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Amanda Thomas joined the Loyola faculty in 1991 in the department of psychology, was tenured and promoted to associate professor in 1997 and promoted to full professor in 2002. She served at Loyola as department chair, associate dean of the College of Arts and Sciences, and associate vice president for graduate studies. Most recently, she served as Dean of the College of Arts and Sciences at Saint Joseph’s University. Dr. Thomas received her B.A.from the College of William and Mary, a M.S. and Ph.D. from the University of Georgia, and completed her predoctoral internship in clinical psychology at the University of Pittsburgh School of Medicine. She is licensed to practice psychology in the state of Maryland. Dr. Thomas’s research focuses on family factors in adolescent functioning as well as anxiety disorders, particularly on the obsessive-compulsive spectrum. Most recently, she has been working in the area of Ignatian pedagogy. As dean of Loyola College, Dr. Thomas oversees all aspects of academic life in the humanities, social sciences, and the natural and applied sciences.
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Joshua S. Smith, Ph.D. is the dean of the School of Education at Loyola University Maryland. Smith earned his B.A. in U.S. History, M.S. in Educational Psychology and Statistics, and Ph.D. in Educational Psychology and Methodology from the
University of Albany, State University of New York. Earlier in his career, he served as an academic advisor and later as director of assessment in the office of undergraduate studies at the University of Albany. Smith has been awarded over $3 million in external funding and he has 20+ publications in the areas of educational transitions. Awards and honors include the 2012 Student Government Associate Servant Leader Award, 2006 Indiana University Trustees’ Teaching Award and the National Advising Association’s 2002 Outstanding Advising Award. He is the immediate past-President of NACADA: The Global Community for Academic Advising, President for Maryland Association of Colleges for Teacher Education (MACTE), and President of the Education Conference of the Association of Jesuit Colleges and Universities (AJCU).
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Kathleen Getz earned her B.S. in Human Development from The Pennsylvania State University, M.B.A. from Gannon University, and Ph.D. in Business Environment and Public Policy from the University of Pittsburgh. Her scholarship has considered issues at the intersection of corporate responsibility and economic development, focusing on the role of business in building peace, bribery and corruption, and voluntary codes of conduct. She has been a speaker for the Department of State International Visitors Program, the Washington Board of Trade, and other organizations. She is former associate editor for the journal Business & Society and Past President of the International Association for Business and Society. She held an Aspen Fellowship in 2000 and was elected as a Fellow of the International Association for Business and Society in 2006. Dr. Getz is actively engaged with the AACSB, serving on peer review teams and as a member of the Continuous Improvement Review Committee.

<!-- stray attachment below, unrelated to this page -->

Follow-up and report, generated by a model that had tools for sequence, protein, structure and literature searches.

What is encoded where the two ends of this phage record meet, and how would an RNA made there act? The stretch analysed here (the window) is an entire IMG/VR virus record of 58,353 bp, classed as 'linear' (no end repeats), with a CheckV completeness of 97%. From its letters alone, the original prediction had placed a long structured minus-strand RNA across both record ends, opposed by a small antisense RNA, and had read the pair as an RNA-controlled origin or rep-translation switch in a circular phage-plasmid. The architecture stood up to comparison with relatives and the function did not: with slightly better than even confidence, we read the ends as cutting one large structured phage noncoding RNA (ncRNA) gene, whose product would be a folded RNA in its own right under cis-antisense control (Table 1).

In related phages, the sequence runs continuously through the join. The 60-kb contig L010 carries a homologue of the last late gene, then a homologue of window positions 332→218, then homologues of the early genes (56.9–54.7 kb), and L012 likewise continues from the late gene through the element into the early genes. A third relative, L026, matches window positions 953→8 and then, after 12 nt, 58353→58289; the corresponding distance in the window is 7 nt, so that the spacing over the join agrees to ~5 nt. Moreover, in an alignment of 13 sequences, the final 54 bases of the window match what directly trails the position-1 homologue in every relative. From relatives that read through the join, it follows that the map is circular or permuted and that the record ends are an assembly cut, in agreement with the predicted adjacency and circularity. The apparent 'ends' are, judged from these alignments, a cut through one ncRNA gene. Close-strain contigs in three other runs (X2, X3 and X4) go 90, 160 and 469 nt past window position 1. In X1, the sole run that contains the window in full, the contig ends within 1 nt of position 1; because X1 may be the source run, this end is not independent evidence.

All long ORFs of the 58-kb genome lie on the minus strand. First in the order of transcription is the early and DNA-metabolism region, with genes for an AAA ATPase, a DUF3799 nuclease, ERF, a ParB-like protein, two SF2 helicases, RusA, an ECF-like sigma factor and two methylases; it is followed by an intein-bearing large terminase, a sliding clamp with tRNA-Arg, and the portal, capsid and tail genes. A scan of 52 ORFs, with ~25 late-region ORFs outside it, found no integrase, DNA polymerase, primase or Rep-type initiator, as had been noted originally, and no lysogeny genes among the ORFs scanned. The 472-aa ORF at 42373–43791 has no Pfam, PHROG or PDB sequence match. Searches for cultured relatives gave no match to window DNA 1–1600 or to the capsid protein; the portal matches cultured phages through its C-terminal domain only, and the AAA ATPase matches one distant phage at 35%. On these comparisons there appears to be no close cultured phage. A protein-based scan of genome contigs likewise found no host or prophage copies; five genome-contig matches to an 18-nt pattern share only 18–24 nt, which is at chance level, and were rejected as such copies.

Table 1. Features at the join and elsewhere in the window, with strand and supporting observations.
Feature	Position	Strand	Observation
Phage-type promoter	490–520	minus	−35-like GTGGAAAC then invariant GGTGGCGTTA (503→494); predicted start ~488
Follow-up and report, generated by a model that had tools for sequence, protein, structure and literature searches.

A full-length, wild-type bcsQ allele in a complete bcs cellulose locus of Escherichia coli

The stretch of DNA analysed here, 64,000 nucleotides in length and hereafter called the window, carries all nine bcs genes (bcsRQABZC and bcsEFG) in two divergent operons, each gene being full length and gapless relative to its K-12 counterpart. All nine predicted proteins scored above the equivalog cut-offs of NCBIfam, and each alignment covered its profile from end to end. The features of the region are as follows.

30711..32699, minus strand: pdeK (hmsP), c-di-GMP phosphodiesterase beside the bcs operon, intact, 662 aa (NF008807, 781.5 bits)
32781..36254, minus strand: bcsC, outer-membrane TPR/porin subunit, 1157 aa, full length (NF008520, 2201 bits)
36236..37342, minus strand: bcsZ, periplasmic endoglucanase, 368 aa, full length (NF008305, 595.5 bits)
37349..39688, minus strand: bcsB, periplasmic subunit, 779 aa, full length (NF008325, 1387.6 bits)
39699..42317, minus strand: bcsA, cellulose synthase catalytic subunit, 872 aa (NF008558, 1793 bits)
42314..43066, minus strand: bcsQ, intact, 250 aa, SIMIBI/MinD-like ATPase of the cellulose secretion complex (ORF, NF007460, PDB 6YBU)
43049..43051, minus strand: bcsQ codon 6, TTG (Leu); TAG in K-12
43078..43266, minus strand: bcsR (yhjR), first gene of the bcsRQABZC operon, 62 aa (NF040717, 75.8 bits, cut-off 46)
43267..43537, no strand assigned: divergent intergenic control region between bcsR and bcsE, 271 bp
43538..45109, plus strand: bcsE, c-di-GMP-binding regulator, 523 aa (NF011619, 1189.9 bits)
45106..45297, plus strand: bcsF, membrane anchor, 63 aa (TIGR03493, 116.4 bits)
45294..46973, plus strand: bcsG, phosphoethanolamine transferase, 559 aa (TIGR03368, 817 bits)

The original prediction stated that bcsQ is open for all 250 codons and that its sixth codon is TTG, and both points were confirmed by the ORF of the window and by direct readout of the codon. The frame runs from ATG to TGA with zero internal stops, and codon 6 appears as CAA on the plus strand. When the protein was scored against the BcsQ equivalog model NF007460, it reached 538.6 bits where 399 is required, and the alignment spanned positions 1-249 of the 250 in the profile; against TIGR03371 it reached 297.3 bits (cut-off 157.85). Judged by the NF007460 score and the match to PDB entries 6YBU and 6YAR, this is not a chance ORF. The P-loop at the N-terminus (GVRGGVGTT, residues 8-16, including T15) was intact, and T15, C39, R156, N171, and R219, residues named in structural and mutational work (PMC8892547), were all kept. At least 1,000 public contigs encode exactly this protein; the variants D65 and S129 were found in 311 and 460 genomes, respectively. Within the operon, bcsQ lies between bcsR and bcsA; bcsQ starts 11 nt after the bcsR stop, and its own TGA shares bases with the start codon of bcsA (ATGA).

Email Kathleen Getz at firstname.lastname@example.org.
An excellent teacher, advisor, and scholar, Dr. Harris has been a member of the Political Science Department since 2002, tenured in 2006, and promoted to full professor in 2015. He was the Project Director for Loyola’s $500,000 Challenge Grant from the National Endowment for the Humanities in 2014 and he has worked collaboratively with Mr. Mike Puma to lead the broader campus conversations that built Messina. He is an accomplished scholar in the use of archival research and author of a number of books and peer-reviewed articles, including his 2009 co-authored book, The Austin-Boston Connection: Fifty Years of House Democratic Leadership, 1937-1989. In 2015-16, Dr. Harris will serve as Dean of Undergraduate Studies and he will continue his role as Academic Co-Director of Messina. He will work closely with the Academic Advising and Support Center, The Study, and the Office of the Dean of Undergraduate Studies. Dr. Harris will be a member of the Academic Affairs leadership team, and he will serve as a resource person for faculty, students, and parents.
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Natka Bianchini, Ph.D., 2019 Class Dean
Dr. Natka Bianchini, who holds a bachelor's degree in sociology from Wellesley College and a master's and doctoral degree in drama from Tufts University, joined the Loyola faculty as an assistant professor of fine arts, theatre, after teaching at Boston College and the University of Maryland, College Park. She was tenured and promoted to associate professor in 2015. Having published several articles and reviews in national journals in her field, Dr. Bianchini's monograph, Samuel Beckett's Theatre in America: The Legacy of Alan Schneider as Beckett's American Director was published by Palgrave Macmillan. She is currently vice president of the Edward Albee Society and will guest edit a volume of the annual series "New Perspectives" in Edward Albee Studies in 2019. A proponent of diversity and inclusion across campus, she taught Loyola's first ever explicitly LGBT-themed course, Queer Theatre and Film, has served as the faculty moderator for Spectrum, and is a member of OUTLoyola, where she frequently leads SafeZone training for groups across campus. Dr. Bianchini has directed seven productions for the Evergreen Players, including "Lysistrata"(2012), and "Rhinoceros" (2015), both of which were Humanities Symposium texts as well as "Clybourne Park" (2015), which was the Messina common text for first-year stuedents in the Class of 2019, the class for which she will now serve as class dean.